René Jansen, Regional Manager EDAX EMEA, Managing Director Ametek BV
How difficult is it to explain to your friends and relatives what you are doing during the week? Microscopes, detectors and analysis materials are not things that usually ring a bell with your family, friends and neighbors. “It is all scientific and we do not understand any of it”, is the usual response to our descriptions of what we do.
We at EDAX spend most of our time on our job and on the road. For most of us, this can only happen when our families support us by letting us travel the globe.
In an attempt to overcome this gap in understanding our “world”, I thought it would be worthwhile to organize an event where everybody at EDAX in The Netherlands could invite their family and friends to our lab and show them what we do in our world. Initially, I didn’t anticipate that there would be a lot of interest in this event, but I soon found out that close to 40 people were interested in coming.
The event took place on Sunday May 18th at the EDAX facility in Tilburg, The Netherlands, where we usually have 6 employees working. In the afternoon people were flabbergasted by René’s and Harry’s impressive demonstrations. In no time family heirloom jewelry moved into the chamber in order to determine if the pearls were real or not (they were!). Someone else had a silver spoon, which had turned partly yellow after several times in a dish washer. What had happened to his spoon? Within 10 minutes René explained that the oxygen traces indicated corrosion, which had pushed the silver plating off to display the brass material underneath. Harry had a challenge to determine what an onion consists of. It turned out to be quite healthy thanks to several trace elements of metal.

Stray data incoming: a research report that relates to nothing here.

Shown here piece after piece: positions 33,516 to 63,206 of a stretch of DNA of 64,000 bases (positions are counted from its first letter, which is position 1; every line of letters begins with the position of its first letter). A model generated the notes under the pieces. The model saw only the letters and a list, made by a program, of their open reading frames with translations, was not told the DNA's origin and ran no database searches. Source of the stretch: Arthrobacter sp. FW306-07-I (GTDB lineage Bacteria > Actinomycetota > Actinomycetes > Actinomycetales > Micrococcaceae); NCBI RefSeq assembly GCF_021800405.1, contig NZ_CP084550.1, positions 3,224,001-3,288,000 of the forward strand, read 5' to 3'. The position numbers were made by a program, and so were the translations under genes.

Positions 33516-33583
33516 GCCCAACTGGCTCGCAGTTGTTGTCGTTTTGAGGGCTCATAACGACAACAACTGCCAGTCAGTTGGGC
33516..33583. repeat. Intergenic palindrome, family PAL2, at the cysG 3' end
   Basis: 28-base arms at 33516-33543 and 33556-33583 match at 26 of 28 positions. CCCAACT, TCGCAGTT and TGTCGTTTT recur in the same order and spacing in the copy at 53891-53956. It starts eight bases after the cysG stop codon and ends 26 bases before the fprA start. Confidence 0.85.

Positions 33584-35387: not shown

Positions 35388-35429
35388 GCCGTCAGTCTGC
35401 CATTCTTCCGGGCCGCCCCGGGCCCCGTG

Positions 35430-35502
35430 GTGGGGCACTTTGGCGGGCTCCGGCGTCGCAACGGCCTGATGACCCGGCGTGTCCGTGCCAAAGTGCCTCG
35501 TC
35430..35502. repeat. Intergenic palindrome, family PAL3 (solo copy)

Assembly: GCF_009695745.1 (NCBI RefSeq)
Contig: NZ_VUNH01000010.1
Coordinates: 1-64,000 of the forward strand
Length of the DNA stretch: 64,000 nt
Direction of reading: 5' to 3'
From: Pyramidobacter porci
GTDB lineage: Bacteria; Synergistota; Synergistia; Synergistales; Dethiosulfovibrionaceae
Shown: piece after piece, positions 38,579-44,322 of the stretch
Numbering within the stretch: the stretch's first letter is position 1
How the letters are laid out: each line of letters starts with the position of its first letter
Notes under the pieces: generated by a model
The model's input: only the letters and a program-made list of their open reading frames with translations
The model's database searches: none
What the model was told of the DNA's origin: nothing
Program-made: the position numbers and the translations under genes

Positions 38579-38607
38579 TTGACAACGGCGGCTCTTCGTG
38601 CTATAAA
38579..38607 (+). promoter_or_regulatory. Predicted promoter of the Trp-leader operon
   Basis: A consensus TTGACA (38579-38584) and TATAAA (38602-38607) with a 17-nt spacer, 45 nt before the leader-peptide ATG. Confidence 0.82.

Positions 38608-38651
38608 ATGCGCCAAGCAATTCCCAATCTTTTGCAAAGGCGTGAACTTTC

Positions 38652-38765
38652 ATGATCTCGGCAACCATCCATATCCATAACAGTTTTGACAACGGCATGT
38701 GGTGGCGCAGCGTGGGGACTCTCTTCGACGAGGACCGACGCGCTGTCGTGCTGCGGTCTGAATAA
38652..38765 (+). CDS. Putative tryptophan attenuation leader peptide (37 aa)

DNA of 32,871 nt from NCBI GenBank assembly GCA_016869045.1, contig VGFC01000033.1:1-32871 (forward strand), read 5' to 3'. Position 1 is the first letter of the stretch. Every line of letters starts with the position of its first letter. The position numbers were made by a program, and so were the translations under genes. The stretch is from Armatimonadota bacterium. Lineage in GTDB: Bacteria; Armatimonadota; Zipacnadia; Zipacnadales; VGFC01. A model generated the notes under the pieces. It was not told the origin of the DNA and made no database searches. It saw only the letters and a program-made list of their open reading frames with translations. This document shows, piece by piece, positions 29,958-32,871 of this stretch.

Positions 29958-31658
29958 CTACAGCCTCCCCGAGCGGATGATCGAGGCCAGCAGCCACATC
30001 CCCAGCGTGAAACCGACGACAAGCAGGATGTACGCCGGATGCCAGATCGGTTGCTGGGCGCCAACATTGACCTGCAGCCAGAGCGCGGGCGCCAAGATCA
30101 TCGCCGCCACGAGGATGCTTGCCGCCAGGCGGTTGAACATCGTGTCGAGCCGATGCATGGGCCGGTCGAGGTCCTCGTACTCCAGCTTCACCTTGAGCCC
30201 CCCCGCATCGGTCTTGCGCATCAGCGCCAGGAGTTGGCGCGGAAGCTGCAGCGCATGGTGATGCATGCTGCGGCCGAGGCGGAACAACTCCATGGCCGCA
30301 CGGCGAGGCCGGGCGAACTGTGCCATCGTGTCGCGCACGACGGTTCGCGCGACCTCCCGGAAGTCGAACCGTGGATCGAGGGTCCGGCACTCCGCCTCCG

At the end of the afternoon everybody went home satisfied with what they had learned and they had concluded that the world of EDAX is indeed very different and also very interesting. Now when we leave for work in the morning, we see in the faces of our family that think that we are going out to do a “good job” for our world and this is nice to know.
OIM is an ideal tool for characterizing and investigating the effects of thermo-mechanical processing on polycrystalline materials. Keyword analysis of recent publications indicates that recrystallization, grain growth, and phase transformations are of strong interest to the EBSD community. One approach for investigating these phenomena is to dynamically characterize microstructural development using an in-situ heating stage combined with OIM measurements.